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Nancy's Notes - November 5, 2009

“Capitol Offense” by William Bernhardt, “Whistlin’ Dixie in a Nor’easter” by Lisa Patton, “The Twilight Zone” by Rod Serling.

Nancy’s notes


            William Bernhardt will thrill readers with “Capitol Offense”.  Professor Dennis Thomas arrives at the law office of Ben Kincaid with a bizarre request: he wants to know if Kincaid can help him beat a murder charge of a killing yet to happen.  The professor’s intended victim is a Tulsa cop who had refused to authorize a search for Thomas’s missing wife.  For seven days, Joslyn Thomas had lain in the twisted wreckage of her car, dying a slow death.  Now, insane with grief, Thomas wants to kill Detective Christopher Sentz.  Kincaid warns him not to, but that very same day someone fires seven bullets into the police officer.


            We have several patrons who ask for something light or funny.  Lisa Patton’s “Whistlin’ Dixie in a Nor’easter” should fill that bill.  Leelee Saterfield seems to have it all: a great husband, two daughters, and a hometown she loves in Memphis, Tennessee. When her husband gets the idea to uproot the family to run a quaint Vermont inn, Leelee is devastated.  She discovers pretty fast that there’s a truckload of things nobody tells you about Vermont until you live there: mud season, vampire flies, and the danger of ice sheets careening off roofs.  The inn they’ve bought also has its own host of problems.  The whole operation is managed by Helga, a stern German woman who loves to bully Leelee.  It doesn’t take long for Leelee to start wondering when to drag out the moving boxes again.  When an unexpected hardship takes Leelee by surprise, she finds herself left alone with an inn to run, a mortgage to pay, and two daughters to raise.  Drawing on her inner strength, Leelee decides to turn around the inn, her attitude, and her life.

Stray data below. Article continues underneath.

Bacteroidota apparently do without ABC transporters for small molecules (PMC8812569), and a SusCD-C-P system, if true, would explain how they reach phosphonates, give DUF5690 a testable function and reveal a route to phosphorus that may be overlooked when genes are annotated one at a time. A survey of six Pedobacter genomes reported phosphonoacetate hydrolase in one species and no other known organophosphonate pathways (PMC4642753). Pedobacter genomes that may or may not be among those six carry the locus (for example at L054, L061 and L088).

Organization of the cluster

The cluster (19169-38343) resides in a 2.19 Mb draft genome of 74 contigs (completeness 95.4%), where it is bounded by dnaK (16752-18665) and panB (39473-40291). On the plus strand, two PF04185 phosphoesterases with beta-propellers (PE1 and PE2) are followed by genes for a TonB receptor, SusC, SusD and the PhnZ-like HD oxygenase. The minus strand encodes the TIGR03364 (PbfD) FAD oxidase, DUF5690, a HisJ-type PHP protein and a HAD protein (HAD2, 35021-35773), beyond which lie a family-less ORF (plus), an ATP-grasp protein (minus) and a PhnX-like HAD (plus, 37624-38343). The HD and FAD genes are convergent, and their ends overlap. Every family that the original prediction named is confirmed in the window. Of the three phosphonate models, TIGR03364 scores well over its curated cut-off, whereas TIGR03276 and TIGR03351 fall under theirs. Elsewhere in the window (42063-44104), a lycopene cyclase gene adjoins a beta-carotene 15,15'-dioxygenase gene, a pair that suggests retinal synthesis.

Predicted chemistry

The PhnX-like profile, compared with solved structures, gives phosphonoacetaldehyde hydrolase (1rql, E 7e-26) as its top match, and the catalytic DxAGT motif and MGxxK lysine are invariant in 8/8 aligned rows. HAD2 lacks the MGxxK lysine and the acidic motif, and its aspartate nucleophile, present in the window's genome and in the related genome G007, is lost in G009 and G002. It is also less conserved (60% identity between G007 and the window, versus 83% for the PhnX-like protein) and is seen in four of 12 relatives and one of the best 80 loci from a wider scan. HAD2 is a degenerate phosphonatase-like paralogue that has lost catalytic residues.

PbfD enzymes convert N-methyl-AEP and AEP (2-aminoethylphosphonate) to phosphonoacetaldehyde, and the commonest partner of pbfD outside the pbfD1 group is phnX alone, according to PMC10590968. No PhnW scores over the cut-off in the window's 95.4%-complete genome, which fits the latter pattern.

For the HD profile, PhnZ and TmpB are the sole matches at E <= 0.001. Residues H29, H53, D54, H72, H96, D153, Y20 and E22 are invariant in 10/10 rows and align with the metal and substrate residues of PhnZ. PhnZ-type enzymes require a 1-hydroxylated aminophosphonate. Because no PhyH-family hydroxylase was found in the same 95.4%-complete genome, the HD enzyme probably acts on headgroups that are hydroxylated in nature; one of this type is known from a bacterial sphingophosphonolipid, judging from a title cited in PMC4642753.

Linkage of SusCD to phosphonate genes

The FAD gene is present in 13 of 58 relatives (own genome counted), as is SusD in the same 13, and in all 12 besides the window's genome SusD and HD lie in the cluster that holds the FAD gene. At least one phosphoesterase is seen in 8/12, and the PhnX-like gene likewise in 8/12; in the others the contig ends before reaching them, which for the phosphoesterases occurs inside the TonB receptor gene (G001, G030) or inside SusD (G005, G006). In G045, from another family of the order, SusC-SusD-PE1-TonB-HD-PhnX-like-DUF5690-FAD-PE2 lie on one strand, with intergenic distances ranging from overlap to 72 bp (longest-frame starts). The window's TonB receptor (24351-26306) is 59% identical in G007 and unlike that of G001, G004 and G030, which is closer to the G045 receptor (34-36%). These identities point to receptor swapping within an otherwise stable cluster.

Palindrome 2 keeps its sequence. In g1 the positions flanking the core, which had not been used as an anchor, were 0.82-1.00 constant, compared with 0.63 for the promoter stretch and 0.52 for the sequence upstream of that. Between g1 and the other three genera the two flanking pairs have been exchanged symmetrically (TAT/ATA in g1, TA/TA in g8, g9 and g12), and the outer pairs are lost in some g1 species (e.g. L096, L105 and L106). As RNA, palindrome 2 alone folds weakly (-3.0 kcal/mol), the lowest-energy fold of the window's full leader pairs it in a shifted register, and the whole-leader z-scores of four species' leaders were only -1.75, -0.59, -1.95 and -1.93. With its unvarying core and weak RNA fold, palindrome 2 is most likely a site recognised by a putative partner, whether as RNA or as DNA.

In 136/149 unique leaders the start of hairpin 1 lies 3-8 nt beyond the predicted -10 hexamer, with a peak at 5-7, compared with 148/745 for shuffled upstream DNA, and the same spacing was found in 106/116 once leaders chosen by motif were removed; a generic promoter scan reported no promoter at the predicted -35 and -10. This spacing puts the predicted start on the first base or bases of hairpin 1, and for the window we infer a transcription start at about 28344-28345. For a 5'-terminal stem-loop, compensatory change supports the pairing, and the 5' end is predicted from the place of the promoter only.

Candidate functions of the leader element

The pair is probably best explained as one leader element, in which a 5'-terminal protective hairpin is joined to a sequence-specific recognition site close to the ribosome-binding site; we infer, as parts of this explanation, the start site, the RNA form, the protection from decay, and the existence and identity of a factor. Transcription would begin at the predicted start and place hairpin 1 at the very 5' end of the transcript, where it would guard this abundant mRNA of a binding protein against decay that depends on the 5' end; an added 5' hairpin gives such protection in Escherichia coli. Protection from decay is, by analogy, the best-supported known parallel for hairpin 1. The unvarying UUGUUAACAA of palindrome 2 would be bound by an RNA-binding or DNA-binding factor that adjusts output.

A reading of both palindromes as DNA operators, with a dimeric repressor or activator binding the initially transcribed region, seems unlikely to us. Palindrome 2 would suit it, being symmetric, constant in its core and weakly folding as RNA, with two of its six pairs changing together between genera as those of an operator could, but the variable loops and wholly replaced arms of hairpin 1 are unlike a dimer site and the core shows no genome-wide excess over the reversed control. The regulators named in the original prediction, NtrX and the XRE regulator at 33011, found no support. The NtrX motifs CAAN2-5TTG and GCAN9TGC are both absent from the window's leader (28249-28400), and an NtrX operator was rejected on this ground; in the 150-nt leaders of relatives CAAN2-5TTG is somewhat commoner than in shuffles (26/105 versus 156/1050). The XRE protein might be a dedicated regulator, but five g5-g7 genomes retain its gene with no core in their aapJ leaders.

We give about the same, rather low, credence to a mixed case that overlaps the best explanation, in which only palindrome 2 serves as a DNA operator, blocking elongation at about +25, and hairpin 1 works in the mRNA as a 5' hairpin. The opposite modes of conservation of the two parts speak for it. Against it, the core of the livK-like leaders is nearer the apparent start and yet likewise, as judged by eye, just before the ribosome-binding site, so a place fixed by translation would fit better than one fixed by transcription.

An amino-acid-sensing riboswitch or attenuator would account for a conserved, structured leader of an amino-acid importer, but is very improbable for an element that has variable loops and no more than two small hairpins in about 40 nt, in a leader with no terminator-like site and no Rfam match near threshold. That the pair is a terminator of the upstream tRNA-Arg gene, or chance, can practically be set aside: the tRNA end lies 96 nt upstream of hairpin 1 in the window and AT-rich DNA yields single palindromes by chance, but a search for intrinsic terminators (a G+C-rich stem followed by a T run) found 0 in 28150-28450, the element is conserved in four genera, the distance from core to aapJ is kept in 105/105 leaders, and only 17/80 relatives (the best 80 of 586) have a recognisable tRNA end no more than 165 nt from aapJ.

I bet many of you remember “The Twilight Zone” that first aired on television in 1959.  The 156 episodes sparked the imaginations of countless writers.  In conjunction with the celebration of the fiftieth anniversary of the first broadcast, some of today’s well-known writers have written all-new stories to celebrate Rod Serling’s series.  Carol Serling, widow of Rod Serling, compiled this commemorative book.  She worked closely with her husband during the creation of the original show.  Carol has devoted herself to maintaining Rod’s legacy since his death in 1975.


            Come in and choose one of these or many other books: Monday through Wednesday between noon and 8:00 p.m. or Thursday through Saturday between 10:00 a.m. and 5:00 p.m.